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Hunters of the Sky Cave

This article originally appeared in the January/February 2021 issue.

Hunters of the Sky Cave. Poul Anderson.
Original publication: 1965 (collection Agent of the Terran Empire)
Current Availability: Print (TPB, MMPB) and ebook (both collection Sir Dominic Flandry)

“Ardazirho”: how you say “Vargr”
in the original language of the Vargr.

Flandry’s first startled thought had been Wolf! Now, he realized that of course the Ardazirho was not lupine, didn’t even look notably wolfish. Yet the impression lingered. He was not surprised when Catherine Kittredge said the aliens had gone howling into battle.

They were described as man-sized bipeds, but digitigrade, which gave their feet almost the appearance of a dog’s walking on its hind legs. The shoulders and arms were very humanoid, except that the thumbs were on the opposite side of the hands from mankind’s. The head, arrogantly held on a powerful neck, was long and narrow for an intelligent animal, with a low forehead, most of the brain space behind the pointed ears. A black-nosed muzzle, not as sharp as a wolf’s and yet somehow like it, jutted out of the face. Its lips were pulled back in a snarl, showing bluntly pointed fangs which suggested a flesh-eater turned omnivore. Their eyes were oval, close set, and gray as sleet. Short, thick fur covered the entire body, turning to a ruff at the throat; it was rusty red.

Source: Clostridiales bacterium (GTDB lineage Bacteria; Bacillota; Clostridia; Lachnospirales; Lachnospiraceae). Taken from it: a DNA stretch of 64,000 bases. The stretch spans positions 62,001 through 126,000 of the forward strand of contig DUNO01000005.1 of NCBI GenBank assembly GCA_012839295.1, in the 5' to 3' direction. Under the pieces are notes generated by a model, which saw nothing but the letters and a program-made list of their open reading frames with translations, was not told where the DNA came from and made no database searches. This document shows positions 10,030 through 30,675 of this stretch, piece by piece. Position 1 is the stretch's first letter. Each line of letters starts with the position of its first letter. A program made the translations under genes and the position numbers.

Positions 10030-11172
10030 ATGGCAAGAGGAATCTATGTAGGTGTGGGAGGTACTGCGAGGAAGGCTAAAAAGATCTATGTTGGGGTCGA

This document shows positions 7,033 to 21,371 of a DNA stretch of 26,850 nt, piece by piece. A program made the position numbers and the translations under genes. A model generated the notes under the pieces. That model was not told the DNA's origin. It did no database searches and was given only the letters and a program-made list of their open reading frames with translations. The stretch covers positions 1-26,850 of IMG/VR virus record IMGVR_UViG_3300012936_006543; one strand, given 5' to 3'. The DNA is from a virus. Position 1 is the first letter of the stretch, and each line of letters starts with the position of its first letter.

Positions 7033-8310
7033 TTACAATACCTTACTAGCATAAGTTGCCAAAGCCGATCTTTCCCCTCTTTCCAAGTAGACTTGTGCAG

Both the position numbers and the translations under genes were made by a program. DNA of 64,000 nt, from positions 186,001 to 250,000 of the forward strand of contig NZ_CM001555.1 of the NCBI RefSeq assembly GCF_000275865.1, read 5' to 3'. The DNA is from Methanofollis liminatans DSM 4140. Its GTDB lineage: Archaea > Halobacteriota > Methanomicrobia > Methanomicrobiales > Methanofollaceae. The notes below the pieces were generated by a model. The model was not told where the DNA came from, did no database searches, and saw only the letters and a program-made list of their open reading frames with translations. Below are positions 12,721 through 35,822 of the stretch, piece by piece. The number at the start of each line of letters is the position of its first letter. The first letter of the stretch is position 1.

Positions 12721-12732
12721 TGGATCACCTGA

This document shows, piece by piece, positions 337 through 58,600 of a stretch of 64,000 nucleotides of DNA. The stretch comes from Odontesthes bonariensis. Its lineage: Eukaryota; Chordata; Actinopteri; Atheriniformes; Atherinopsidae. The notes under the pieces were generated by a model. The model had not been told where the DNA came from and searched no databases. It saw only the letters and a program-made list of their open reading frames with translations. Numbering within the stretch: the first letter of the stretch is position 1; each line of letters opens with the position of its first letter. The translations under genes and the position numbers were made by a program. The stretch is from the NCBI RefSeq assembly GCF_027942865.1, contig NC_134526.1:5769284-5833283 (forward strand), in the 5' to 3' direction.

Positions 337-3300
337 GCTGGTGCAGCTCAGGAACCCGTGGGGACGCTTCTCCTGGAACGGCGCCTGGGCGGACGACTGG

— Poul Anderson, “A Handful of Stars” (1959)

In The Science Fiction in Traveller Shannon Appelcline identifies Poul Anderson’s “Technic Civilization” series—including both the “Dominic Flandry” tales and the “Polesotechnic League” tales—as an important influence on Traveller but does not review any of the works in this “sprawling series”. Appelcline also reminds us that Anderson’s Dominic Flandry (Naval Intelligence Officer, 9A7BBA, Pilot-1, Navigation-1, Brawling-1, Weapons-2, Admin-2, Bribery-2) was one of the “unnamed science-fiction characters” that Marc Miller included at the end of Supplement 1: 1001 Characters.

Anderson wrote dozens of tales in his Technic Civilization setting from “Tiger by the Tail” (1951), a Flandry novelette, to The Game of Empire (1985), as it happened, a Flandry novel. Besides several tales about Flandry, the extended Polesotechnic League sub-series features merchant prince Nicholas van Rijn and merchant adventurer David Falkhayn. (As James Maliszewski, who wrote the Vargr-themed, Hard Times era adventure scenario “Wolf in Sheep’s Clothing” (Challenge #67) has noted1 the illustration of Merchant Captain Jamison in Book 1: Characters and Combat looks very much like van Rijn as Anderson describes him.)